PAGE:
ANALYSIS:  Erdogan’s “return home” call ignored as Turkey drops further in academic freedom index

Turkish academics who had gone abroad for better working conditions or those living in exile have brushed off a call from President Recep Tayyip Erdoğan calling an academics abroad to return home and “take part in the country’s development,” saying their return is impossible as long as Erdoğan’s government continues to limit freedoms in the country, Turkish Minute reported.  Brain drain at all levels of the society is becoming a serious problem for the country, as from businesses setting up shop in Middle East and central Asia to escape a dear currency, to 75% of the youth according to surveys who wish to depart as soon as possible because of a lack of job opportunities to academicians seek their fortunes abroad.



shortage of academicians is in particular a grave problem, as Erdogan allowed universities to proliferate across the country, many of which can’t offer basic education.  Turkey’s official goal for this century is to become a “high technology society”. Recent PISA scores the country is  light years away from achieving one of the more important milestones in this quest, namely better education.


While many leave for better economic prospects abroad, a substantial portion do so because they can’t abide by Erdogan’s strong-man rule.


The president once again invited scientists who had moved overseas to come back to Turkey in an attempt to reverse the brain drain from the country during an address to a group of scientists in the Turkish capital of Ankara in a speech given in the closing days of 2023.


“If we want a fully independent Turkey, we need to aim for the top in science and technology. It’s very important that scientists who have done their academic and scientific studies abroad return home and support the development of their country,” Erdoğan said, adding that 199 scientists have returned to Turkey so far as part of a program launched for that purpose.


Why should academicians  return, when they can’t exercise their profession?

Professor Mehmet Efe Çaman, one of the thousands of academics who were fired from their jobs in Turkey by government decrees in the aftermath of an abortive putsch on July 15, 2016, said on X that he made the mistake of returning to Turkey in 2005, when he left Germany with his family to continue his academic work in Turkey, and regrets that decision.


He said in return for his idealism and nine years of academic work, he was “betrayed” by the country, the government and the society he had served, declared a “traitor” and together with his family was effectively deprived of all citizenship and human rights.


“Now, as a Canadian citizen and a professor at a Canadian university, I would like to put it in language that you can understand: Take your sham of a state and your disgraceful universities! Damn you, your society that supports you and your primitive culture. My advice to young academics is never to make the mistake of returning to Turkey,” Çaman said.


Turkey’s academic freedom has sharply declined in the last decade, putting Turkey in 166th place out of 179 countries as of December 2022, according to a recent update to an index prepared by German and Swedish scholars.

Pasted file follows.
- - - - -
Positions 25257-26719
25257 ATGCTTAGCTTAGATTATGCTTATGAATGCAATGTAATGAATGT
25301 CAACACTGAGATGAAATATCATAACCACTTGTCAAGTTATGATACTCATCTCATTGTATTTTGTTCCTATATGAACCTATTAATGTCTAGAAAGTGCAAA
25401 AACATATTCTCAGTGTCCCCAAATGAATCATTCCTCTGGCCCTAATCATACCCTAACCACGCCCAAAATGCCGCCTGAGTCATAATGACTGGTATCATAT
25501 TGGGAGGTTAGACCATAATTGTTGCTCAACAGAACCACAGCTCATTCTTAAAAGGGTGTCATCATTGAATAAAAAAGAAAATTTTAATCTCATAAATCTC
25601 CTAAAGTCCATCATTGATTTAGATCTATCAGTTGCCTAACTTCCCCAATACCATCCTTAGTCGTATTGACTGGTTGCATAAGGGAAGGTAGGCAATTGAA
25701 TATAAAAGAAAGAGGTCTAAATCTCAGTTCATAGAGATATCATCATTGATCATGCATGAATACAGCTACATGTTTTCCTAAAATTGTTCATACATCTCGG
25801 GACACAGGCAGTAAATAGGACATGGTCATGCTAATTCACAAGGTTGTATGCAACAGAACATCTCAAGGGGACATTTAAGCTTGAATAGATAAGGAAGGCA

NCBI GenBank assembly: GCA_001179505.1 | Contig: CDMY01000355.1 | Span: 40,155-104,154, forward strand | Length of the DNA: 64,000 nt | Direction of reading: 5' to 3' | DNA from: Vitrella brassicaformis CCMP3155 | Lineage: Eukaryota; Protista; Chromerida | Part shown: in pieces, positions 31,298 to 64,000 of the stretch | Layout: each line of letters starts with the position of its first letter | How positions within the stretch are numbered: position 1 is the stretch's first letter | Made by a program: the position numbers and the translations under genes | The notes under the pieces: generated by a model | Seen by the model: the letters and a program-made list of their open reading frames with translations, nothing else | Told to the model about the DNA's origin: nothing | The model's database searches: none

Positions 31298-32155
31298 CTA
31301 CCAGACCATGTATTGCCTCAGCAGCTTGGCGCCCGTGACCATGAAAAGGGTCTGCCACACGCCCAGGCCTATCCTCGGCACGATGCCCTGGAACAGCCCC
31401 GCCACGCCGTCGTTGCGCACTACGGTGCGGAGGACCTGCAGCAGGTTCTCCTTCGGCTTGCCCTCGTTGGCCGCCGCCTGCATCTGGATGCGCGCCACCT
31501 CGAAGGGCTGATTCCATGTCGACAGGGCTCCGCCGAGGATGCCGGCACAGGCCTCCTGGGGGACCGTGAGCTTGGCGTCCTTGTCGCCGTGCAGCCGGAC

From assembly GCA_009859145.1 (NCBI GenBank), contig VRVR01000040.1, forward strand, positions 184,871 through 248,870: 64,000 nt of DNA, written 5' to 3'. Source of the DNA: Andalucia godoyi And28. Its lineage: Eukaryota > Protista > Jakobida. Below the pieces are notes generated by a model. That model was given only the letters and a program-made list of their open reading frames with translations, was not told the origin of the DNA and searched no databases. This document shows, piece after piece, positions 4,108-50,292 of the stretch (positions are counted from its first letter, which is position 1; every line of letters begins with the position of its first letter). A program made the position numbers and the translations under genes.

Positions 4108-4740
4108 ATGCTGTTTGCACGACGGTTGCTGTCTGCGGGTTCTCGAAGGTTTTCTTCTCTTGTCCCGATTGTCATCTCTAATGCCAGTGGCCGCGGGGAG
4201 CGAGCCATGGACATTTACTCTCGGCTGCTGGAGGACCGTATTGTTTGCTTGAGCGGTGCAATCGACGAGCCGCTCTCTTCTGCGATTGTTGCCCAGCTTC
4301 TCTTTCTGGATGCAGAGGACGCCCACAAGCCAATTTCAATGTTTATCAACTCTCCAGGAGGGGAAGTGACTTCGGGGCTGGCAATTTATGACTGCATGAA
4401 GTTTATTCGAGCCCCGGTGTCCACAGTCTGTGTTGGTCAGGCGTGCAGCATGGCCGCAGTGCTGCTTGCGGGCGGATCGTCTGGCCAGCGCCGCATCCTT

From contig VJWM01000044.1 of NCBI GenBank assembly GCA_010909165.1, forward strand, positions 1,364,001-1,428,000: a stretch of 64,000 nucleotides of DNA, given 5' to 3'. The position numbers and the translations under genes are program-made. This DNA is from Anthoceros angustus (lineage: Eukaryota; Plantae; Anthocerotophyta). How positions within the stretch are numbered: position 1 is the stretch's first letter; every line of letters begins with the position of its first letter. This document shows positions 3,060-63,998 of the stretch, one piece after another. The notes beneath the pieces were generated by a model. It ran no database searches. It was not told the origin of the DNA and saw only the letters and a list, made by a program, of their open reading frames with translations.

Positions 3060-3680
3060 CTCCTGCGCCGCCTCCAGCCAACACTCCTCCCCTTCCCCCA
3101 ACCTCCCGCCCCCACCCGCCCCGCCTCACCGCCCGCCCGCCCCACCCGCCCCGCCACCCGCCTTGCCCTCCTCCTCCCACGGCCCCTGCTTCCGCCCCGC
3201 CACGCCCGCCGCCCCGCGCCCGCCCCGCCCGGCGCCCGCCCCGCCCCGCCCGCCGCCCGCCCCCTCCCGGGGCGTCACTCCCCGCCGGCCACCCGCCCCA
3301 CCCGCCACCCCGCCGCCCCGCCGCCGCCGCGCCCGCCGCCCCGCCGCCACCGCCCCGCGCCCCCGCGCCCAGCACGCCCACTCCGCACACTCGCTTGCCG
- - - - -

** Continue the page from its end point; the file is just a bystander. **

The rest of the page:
According to the Academic Freedom Index (AFI), which assesses de facto levels of academic freedom around the world, Turkey is in the bottom 10 percent with a score of 0.08 out of 1, putting it just ahead of countries with strict restrictions such as North Korea, Myanmar and Iran. The country ranks behind Tajikistan, Russia and Bangladesh.

According to OECD, Türkiye is one of only a handful of countries whose PISA results improved, over a period of more than 10 years, in most subjects.  But, Students in Türkiye scored less than the OECD average in mathematics, reading and science.


A smaller proportion of students in Türkiye, than on average across OECD countries, were top performers (Level 5 or 6) in at least one subject. At the same time a smaller proportion of students than on average across OECD countries achieved a minimum level of proficiency (Level 2 or higher) in all three subjects.


Turkey ranked 39th in PISA league, improving her standing by 3 ranks vs 2018.


Poor education shows up in Turkey’s capacity to invite.  According to 2023 Global Innovation  Index, Turkey’s standing improved from 51st to 39th in the brief span of 5 years, but Türkiye ranks lowest in Institutions (105th), Infrastructure (50th) and Business sophistication (46th). It looks like Turkey is ready to soar in terms of innovation and productivity, but  the regime is holding her back.

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PA Turkey staff



Published By: Atilla Yeşilada

GlobalSource Partners’ Turkey Country Analyst Atilla Yesilada is the country’s leading political analyst and commentator. He is known throughout the finance and political science world for his thorough and outspoken coverage of Turkey’s political and financial developments. In addition to his extensive writing schedule, he is often called upon to provide his political expertise on major radio and television channels. Based in Istanbul, Atilla is co-founder of the information platform Istanbul Analytics and is one of GlobalSource’s local partners in Turkey. In addition to his consulting work and speaking engagements throughout the US, Europe and the Middle East, he writes regular columns for Turkey’s leading financial websites VATAN and and has contributed to the financial daily Referans and the liberal daily Radikal.